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To help achieve optimum corn yields, moisture should be available to corn plants until physiological maturity. Water requirements decrease as the plant gets closer to maturity, but maintaining proper soil moisture levels until maturity can minimize plant stress. For corn, physiological maturity occurs when the abscission layer, commonly known as the black layer, forms at the base of the corn kernel.1 Kernels will continue to accumulate seed weight until the black layer forms.
Figure 1. Pictured is the milk line, the border between the dark yellow hard starch layer and the light milky dough layer.
The maturing process begins as the hard starch layer starts to develop at the top of the kernel. The borderline separating the hard starch layer and the dough layer is referred to as the milk line (Figure 1).2 The progression of the milk line can be monitored by breaking a corn cob in half and observing the flat side of the corn kernel. The milk line separates the darker yellow hard starch layer from the dull light yellow soft dough layer.
At complete physiological maturity (R6) the hard starch layer has reached the kernel base, the abscission layer has formed, and the plant no longer needs water for growth. At this point, kernels have attained their maximum dry weight and should have a moisture content of 28 to 35 percent. To confirm the presence of the black layer, the seed coat at the tip of the kernel can be rubbed off. The black layer should be visible at the kernel base on the opposite side of the embryo.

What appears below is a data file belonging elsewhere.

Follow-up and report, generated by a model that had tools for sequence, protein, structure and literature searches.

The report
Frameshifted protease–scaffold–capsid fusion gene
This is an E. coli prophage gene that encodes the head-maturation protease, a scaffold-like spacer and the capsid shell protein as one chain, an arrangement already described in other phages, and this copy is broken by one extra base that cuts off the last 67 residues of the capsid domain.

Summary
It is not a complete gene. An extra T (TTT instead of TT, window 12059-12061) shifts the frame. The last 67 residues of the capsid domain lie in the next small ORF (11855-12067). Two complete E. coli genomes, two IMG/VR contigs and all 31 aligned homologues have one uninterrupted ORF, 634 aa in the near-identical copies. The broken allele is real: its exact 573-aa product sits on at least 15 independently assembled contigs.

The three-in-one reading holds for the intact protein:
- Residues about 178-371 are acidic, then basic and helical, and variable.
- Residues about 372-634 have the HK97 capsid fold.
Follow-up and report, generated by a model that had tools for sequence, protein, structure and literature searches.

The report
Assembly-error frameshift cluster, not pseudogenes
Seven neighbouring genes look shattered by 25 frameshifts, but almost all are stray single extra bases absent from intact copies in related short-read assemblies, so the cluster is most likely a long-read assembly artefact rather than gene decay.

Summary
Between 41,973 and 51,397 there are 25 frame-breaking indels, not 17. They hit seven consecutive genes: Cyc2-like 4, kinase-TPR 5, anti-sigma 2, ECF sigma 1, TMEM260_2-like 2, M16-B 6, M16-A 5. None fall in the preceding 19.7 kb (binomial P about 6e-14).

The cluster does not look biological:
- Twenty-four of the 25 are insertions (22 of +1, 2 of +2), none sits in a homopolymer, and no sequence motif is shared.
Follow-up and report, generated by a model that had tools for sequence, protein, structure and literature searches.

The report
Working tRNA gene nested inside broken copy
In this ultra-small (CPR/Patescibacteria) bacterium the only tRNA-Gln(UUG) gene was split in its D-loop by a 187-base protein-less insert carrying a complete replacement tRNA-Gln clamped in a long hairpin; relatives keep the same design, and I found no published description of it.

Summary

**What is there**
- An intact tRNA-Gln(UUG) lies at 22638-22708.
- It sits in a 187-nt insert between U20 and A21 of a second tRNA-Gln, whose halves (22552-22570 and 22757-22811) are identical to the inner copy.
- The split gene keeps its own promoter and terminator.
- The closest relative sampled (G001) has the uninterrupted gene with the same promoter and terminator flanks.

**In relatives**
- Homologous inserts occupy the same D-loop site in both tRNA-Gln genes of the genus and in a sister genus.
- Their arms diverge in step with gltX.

Black layer formation occurs progressively from the tip of the ear (furthest from the stalk) to the base (closest to the stalk).1 To verify total black layer formation always check the youngest kernels on the ear.
1 Corn: When should irrigation of corn be terminated? 2009. Mississippi State University Cooperative and Research Extension Service. http://msucares.com 2 Corn: What does the milk-line look like? 2009. Mississippi State University Cooperative and Research Extension Service. www.msucares.com 3 Corn growth stage development. University of Nebraska Lincoln. WeedSOFT. Crop Growth Stage Learning Module. http://weedsoft.unl.edu Web sources verified 7/12/2014. 140711080201